Leafcutter Bee (Megachile rotundata) Tour

July 19, 2019 — Hosted by John Wold, Ashlawn Farms, Laurel, MT

Attendees: Sheri Fredericksen, Gordon Clark, Mary Davis, Kyle and Pat Neary, Nan Grant, Carolyn Jones, Sue and Marvin Carter

Ashlawn Farms was established in 1909 and homesteaded by John Wold’s grandfather who moved west from Northwestern Minnesota. The name of the farm comes from the many ash trees located on the property. The family farms several crops, including some on dryland acres located south of Laurel. Leafcutter Bees (Bees) play an important role in the family’s alfalfa seed business which started in 1986.

In early years, a harrow was used to try and open the alfalfa flowers to allow pollination to occur, however, it was a practice that was destructive to the plant. During the 1970’s, farmers realized that bees worked extremely well to pollinate the alfalfa.

The alfalfa seed business is extremely weather dependent. Once the alfalfa plants begin budding, the Leafcutter Bee larvae, which have been stored in tubs during the winter, are placed into screened boxes. 19 Leafcutter 2The temperature in the incubation room is gradually increased to about 85 degrees for the larvae to mature into swarming Bees. Once the Bees begin swarming, they are hungry and ready to go to work. Ideally, if the weather can maintain about 80-85 degrees, the Bees are released to begin pollination of the alfalfa.20 Leafcutter 3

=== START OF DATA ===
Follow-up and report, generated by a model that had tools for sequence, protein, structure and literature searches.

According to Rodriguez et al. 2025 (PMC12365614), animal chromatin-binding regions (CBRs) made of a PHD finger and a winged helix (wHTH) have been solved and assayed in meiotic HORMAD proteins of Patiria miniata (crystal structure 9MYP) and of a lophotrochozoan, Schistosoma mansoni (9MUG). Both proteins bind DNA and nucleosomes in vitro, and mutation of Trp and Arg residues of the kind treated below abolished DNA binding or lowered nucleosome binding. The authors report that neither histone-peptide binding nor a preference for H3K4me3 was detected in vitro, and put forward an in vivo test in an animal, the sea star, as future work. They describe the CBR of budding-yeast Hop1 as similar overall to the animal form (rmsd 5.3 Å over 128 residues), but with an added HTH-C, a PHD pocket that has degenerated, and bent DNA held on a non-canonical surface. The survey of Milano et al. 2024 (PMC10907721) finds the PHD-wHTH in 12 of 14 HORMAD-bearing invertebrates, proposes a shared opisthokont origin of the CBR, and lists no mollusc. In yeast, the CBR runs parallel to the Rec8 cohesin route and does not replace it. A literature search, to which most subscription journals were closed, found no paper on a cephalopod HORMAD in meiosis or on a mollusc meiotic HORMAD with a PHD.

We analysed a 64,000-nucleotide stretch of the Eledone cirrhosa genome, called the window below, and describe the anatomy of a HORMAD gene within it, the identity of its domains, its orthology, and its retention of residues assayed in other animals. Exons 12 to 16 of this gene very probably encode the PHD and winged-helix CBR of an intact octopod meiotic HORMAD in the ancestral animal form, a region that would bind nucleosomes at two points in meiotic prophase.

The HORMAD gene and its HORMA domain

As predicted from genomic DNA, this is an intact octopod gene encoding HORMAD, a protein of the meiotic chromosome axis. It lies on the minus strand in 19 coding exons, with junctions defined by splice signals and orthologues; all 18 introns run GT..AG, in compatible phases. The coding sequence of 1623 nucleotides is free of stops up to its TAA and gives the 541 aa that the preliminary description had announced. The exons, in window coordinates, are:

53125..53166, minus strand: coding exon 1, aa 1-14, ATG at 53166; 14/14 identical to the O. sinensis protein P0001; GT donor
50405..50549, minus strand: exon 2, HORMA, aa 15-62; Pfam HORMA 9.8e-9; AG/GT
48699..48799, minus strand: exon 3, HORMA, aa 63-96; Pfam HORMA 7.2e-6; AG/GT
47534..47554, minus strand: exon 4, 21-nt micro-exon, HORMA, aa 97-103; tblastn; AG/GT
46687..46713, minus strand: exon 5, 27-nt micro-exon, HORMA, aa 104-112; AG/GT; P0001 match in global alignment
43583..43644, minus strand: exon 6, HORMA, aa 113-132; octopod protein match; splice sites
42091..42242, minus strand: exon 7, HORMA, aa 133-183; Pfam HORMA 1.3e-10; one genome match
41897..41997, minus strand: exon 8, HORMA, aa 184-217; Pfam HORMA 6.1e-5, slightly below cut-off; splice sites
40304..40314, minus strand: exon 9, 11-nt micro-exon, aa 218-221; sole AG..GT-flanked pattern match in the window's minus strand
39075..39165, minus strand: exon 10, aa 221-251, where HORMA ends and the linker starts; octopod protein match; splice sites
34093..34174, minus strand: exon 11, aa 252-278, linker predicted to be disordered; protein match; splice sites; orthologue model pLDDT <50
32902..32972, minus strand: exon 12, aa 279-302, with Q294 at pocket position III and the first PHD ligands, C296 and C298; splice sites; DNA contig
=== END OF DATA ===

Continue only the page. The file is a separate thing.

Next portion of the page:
The Bees have no typical “queen;” however, the females do all of the work. The boxes containing the nesting holes are put into trailers and towed to locations where they are spaced out appropriately to pollinate the alfalfa. (The placement of the nesting boxes is 23 Leafcutter 6due to the Bees nesting range of 300 feet.) In total there are approximately 3,000 nesting holes per box. The trays of mature Bees are transported to the field by pickup (in the evening or morning) when the temperature is cool, and placed into the top of the trailers which can house 18, 24 or 28 nesting boxes. The screens are then removed. Once the temperature begins to rise, the Bees begin to swarm as they leave the boxes. The Bees are very weak and the first thing they do is learn to fly and begin to feed to gain strength. Once they build up strength, the females then choose a nesting hole.24 Leafcutter 7